Monday, February 23, 2015

Depression treatment: the evidence base from a primary care perspective

- Jennifer Middleton, MD, MPH

Most patients with depression receive treatment solely from a primary care physician. Family physicians have had to largely rely on studies and guidelines from psychiatric settings to make decisions about depression treatment, but a new systematic review, published in this month's Annals of Family Medicine, looks at this issue solely from a primary care perspective.

Linde et al performed a systematic review of treatments for depression, both both psychological and pharmacological, with one main stipulation - the participants "had to be recruited from a primary care setting." For clarity's sake, the authors divided their massive systematic review into 2 articles, one focusing on psychological treatments and one focusing on pharmacologic treatments.

In Effectiveness of Psychological Treatments for Depressive Disorders in Primary Care: Systematic Review and Meta-Analysis, the authors identified 30 studies that met inclusion criteria. There were several types of therapies in these studies: Cognitive Behavioral Therapy (CBT), "problem-solving" therapy, and/or "other face-to-face psychosocial therapies." The authors further grouped these studies by time spent between patient and therapist: face-to-face (at least 6 sessions), guided self-help (fewer than 6 face-to-face sessions), and no/minimal contact (less than 90 minutes of total face-to-face time). A handful of studies also investigated telephone counseling with either CBT or problem-solving therapy.

The authors found that all of these treatment modalities were more effective than usual care, though the effect size was greater for major depression diagnoses than for mild depression and/or dysthmia diagnoses. Interestingly, they also found that 6+ sessions of face-to-face counseling (regardless of the type of counseling) wasn't necessarily more effective than < 6 sessions and/or telephone counseling. For patients who find attending multiple counseling sessions burdensome, this meta-analysis shows that fewer sessions - or even telephone counseling - is just as effective.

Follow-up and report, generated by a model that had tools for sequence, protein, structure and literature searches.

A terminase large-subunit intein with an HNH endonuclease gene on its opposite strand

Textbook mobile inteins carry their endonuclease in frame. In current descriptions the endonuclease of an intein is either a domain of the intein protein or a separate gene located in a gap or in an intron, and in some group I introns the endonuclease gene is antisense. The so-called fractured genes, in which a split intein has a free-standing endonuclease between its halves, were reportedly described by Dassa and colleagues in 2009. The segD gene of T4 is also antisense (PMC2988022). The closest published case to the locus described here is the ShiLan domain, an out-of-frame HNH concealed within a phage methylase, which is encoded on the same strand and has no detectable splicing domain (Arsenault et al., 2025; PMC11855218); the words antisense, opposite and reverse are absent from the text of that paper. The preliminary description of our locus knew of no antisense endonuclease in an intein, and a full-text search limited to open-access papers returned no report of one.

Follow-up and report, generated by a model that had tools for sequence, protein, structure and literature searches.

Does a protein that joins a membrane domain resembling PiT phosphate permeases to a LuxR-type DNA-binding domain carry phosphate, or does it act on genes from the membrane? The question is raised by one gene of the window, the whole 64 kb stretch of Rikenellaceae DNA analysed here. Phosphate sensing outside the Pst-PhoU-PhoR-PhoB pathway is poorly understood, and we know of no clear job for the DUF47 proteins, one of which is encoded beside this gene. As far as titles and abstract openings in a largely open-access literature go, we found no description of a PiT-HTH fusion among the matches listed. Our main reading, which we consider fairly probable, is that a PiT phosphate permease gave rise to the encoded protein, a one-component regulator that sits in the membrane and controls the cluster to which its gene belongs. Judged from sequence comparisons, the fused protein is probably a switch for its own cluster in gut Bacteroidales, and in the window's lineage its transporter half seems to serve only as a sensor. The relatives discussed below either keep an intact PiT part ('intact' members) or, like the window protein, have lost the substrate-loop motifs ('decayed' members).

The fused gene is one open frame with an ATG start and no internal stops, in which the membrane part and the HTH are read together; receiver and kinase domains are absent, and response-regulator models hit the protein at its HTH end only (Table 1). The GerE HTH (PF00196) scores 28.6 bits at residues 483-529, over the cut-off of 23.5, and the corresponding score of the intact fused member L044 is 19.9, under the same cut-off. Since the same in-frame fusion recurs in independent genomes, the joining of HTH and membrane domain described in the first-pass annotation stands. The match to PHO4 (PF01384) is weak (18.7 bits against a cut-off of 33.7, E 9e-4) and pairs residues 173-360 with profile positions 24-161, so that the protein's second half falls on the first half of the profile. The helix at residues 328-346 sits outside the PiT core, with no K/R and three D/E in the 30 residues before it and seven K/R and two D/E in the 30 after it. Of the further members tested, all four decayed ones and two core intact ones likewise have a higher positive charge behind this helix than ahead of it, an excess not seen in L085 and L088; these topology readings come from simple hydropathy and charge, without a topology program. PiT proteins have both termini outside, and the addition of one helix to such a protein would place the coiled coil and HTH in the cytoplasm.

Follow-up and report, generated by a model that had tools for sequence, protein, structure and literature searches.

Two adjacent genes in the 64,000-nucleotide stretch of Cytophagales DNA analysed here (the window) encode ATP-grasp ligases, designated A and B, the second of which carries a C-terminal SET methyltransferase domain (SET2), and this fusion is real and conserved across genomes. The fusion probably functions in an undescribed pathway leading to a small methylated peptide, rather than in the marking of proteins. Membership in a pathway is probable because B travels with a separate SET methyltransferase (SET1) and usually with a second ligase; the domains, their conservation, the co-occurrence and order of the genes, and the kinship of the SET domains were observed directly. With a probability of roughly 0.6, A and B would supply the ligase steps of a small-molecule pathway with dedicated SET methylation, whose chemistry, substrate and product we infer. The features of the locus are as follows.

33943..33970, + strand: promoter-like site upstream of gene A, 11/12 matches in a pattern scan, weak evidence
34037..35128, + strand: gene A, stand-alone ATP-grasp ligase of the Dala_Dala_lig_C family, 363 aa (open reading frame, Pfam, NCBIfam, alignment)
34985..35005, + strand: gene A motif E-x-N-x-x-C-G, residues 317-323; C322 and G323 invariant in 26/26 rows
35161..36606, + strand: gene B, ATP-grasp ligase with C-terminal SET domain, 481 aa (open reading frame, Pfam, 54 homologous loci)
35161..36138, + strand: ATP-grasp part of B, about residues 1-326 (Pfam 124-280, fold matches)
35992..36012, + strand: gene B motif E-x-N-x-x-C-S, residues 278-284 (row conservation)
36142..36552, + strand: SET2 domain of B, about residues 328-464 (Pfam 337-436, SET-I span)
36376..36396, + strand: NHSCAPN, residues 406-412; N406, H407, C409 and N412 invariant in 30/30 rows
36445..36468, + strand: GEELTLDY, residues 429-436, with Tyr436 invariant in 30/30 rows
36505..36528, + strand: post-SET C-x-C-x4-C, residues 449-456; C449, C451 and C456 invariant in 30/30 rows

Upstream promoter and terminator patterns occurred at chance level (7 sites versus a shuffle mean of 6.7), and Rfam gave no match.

In Effectiveness of Pharmacological Treatments for Depressive Disorders in Primary Care: Systematic Review and Meta-Analysis, the authors identified 66 studies that met inclusion criteria. Pharmacological treatments studied included multiple drug classes (TCAs, SSRIs, and several others). The authors found the most efficacy data for TCAs and SSRIs, though they found only "sparse" data on the "relative efficacy of anti-depressants" and could not make any determination regarding the superiority of any particular medications. They also found that TCAs are less acceptable to patients (higher rate of side effects leading to discontinuation) than SSRIs and the other newer classes of anti-depressants. The authors also commented that "there were no major differences in trials limited to patients with major depression and trials that included other depressive patients," which is helpful for family physicians who treat patients with less severe forms of depression.

Because this systematic review only included participants from a primary care setting, we can more comfortably generalize its findings to the patients we treat in our own offices. As family physicians, we need to be cautious about extrapolating too much from studies that focus on patients in a specialist's care population; by definition, these patients represent a narrower, often sicker population than the wider variety we see. This systematic review, sizable enough in scope to require 2 articles to fully describe its results, provides guidance for family physicians treating patients with mild to moderate depression as well as severe depression; it provides reassurance to patients unable to attend multiple psychotherapy sessions that even a few sessions can provide benefit. We need more studies like this one that report on participants from primary care settings.

There's an AFP By Topic on Depression and Bipolar Disorder if you'd like to read more; the collection contains articles about screening and diagnosis as well as treatment, and also has some helpful patient education materials.

Will this systematic review change the way you care for patients with depression?